Brad Whitcombe receives posthumous 2015 Honour Roll Award from GRCA
By Janet Baine
Cambridge - Brad Whitcombe is the recipient of a posthumous 2015 Grand River Honour Roll Award, the highest award given out by the Grand River Conservation Authority. Whitcombe died suddenly in November, 2014, leaving a long record of environmental service to the Grand River watershed. He was a long-serving politician in Puslinch Township, and Wellington County. Among his many accomplishments, he was co-founder of two very successful environmental programs.
“Stewardship captures Brad’s approach to life. He believed his role was to convene all the forces and resources necessary to care for his community,” said Lise Burcher, Whitcombe’s spouse, and a former City of Guelph councillor.
Whitcombe was a lifelong resident of Puslinch Township who grew up on a farm on Gore Road. He was a hog farmer in his 30s when he entered local politics. He became a township councillor in 1989 because he was concerned about the agricultural challenges facing farmers at that time. He remained active in politics and served as Mayor of Puslinch Township for 15 years, until 2010. He also served as Wellington County warden for three terms in 2000, 2005 and 2006.
Whitcombe sought solutions to the water challenges within Puslinch Township. He was the chair of the Mill Creek subwatershed study which was completed in June, 1996. This identified the work that needed to be done to improve this important, but damaged creek that runs close to Highway 401 through Puslinch and enters the Grand River in Galt. A broad-based committee established the Puslinch Township Groundwater Monitoring Program - the first of its kind in Canada. This program is still in operation, ensuring that water resources are understood and protected.
“ Brad was the prime proponent of both the subwatershed studies and groundwater monitoring program, which were considered visionary and ground-breaking at the time,” said Larry Halyk, who was stewardship coordinator in the area.
In 1999, Whitcombe also chaired the committee that introduced the GRCA’s Rural Water Quality Program to Wellington County, bringing this new program to the second municipality in the watershedthe program originated in Waterloo Region.
He co-founded the very successful Friends of Mill Creek in 1998. This multi-faceted program became a model for community engagement in other areas. He helped bring together environmentalists, business leaders, landowners and local agencies to work together to improve the creek. In other communities, this would be a nearly impossible task. But in Puslinch, people set aside their differences when they entered the meeting room. They worked together. Many improvements have been made to Mill Creek and the brown trout population has expanded, while native brook trout have regained territory within the watershed.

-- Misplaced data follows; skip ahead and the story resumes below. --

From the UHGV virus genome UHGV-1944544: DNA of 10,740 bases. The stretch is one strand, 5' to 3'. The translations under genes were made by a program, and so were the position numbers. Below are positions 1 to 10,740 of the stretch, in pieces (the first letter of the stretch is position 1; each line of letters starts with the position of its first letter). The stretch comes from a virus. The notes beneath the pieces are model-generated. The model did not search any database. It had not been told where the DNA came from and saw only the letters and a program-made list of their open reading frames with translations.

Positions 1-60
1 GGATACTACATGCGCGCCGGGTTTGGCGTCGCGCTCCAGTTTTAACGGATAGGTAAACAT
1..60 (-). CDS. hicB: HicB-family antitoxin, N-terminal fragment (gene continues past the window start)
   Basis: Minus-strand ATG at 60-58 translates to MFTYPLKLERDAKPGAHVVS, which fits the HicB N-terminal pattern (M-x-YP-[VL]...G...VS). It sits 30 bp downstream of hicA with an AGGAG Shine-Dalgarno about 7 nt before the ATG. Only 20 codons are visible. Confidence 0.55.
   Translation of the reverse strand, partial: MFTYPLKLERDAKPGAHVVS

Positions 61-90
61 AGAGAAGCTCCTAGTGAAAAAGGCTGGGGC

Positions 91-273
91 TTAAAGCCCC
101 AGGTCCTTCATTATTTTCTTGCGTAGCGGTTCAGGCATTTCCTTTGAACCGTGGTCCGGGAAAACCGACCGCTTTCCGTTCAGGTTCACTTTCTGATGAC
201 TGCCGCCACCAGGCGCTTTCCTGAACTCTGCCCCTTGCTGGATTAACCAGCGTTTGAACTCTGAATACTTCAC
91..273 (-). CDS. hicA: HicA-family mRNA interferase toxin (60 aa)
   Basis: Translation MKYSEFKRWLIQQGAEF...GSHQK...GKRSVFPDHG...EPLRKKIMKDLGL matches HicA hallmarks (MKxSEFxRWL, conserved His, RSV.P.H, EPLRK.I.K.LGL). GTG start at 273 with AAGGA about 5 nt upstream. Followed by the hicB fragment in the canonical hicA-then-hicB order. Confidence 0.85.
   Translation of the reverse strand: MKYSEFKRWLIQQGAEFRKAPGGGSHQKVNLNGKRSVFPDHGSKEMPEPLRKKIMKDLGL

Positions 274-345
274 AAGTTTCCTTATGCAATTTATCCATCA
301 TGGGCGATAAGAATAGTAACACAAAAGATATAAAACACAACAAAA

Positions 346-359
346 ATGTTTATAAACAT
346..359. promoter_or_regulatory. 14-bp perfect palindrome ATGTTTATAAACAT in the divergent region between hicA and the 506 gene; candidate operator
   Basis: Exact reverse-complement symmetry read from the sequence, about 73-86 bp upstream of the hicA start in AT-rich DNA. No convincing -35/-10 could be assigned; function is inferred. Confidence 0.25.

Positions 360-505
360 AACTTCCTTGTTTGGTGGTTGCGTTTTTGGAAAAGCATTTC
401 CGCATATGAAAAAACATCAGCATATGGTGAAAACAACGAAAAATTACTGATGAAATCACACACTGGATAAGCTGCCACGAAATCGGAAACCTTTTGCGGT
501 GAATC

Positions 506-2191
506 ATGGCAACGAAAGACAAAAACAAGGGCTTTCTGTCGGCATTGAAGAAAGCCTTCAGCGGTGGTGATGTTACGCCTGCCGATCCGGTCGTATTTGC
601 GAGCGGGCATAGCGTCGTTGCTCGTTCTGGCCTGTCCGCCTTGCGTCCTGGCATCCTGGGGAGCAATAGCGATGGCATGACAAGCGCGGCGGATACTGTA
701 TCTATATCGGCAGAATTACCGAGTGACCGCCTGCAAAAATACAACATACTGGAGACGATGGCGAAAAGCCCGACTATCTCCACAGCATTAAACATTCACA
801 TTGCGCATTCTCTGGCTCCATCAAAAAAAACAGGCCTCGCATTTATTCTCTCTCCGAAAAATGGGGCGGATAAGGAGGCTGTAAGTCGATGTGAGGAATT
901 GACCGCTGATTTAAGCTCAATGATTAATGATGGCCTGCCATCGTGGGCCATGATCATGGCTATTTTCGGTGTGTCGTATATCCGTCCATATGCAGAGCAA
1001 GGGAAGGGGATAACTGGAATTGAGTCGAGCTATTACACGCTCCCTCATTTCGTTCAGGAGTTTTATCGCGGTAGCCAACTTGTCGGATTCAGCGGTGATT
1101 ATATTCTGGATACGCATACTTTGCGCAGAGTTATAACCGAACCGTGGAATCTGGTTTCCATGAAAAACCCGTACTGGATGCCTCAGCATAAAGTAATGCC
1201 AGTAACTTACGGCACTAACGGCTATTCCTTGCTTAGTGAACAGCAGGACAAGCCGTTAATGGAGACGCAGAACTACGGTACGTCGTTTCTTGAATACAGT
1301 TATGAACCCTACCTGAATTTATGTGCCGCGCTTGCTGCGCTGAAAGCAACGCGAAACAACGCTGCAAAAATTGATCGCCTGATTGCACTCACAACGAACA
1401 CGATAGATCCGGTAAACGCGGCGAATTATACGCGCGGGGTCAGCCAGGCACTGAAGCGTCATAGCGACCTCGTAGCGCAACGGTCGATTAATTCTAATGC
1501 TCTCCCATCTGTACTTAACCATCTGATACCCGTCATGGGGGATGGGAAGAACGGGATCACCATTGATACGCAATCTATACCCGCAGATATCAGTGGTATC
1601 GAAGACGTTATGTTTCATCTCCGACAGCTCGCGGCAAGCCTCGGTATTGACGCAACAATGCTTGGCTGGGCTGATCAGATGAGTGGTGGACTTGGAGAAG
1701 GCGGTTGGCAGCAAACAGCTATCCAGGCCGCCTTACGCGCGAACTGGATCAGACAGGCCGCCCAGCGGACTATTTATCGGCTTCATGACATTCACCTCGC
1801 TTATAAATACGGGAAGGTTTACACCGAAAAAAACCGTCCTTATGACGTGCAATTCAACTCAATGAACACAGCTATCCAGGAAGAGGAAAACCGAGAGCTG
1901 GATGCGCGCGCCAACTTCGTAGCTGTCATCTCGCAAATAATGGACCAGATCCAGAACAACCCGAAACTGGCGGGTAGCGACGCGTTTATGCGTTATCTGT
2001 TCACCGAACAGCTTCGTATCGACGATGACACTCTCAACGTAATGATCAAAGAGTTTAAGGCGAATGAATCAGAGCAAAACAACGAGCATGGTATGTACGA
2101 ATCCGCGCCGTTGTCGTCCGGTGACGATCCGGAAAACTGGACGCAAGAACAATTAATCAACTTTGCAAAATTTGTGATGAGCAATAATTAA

High school students are hired as Mill Creek rangers every summer to undertake restoration projects along the creek. Local businesses pay for this program.
“It has been a great benefit not only to the stream, but also to the young people. For many, it is their first opportunity to get environmental experience and this likely influences their career choice,” Whitcombe said during the 10th anniversary of the program. As president, he received a 2012 Watershed Award on behalf of Friends of Mill Creek. He was serving as president when he passed away last year.
The second major program he co-founded was Wellington Green Legacy. This started as a one-time event to plant 150,000 trees during the 150th anniversary of the founding of Wellington County in 2004. But Green Legacy has continued, and it has been recognized by the United Nations as the largest municipal tree planting program in North America. Through Green Legacy, nearly two million trees have been planted in the county over the years. Whitcombe and program manager Rob Johnston received a watershed award in 2010 on behalf of this program, which continues to expand. Now there is a proposal to turn it into a province-wide program.
“We should be inspired by what is possible and get ready to roll up our sleeves and make it happen,” Whitcombe said.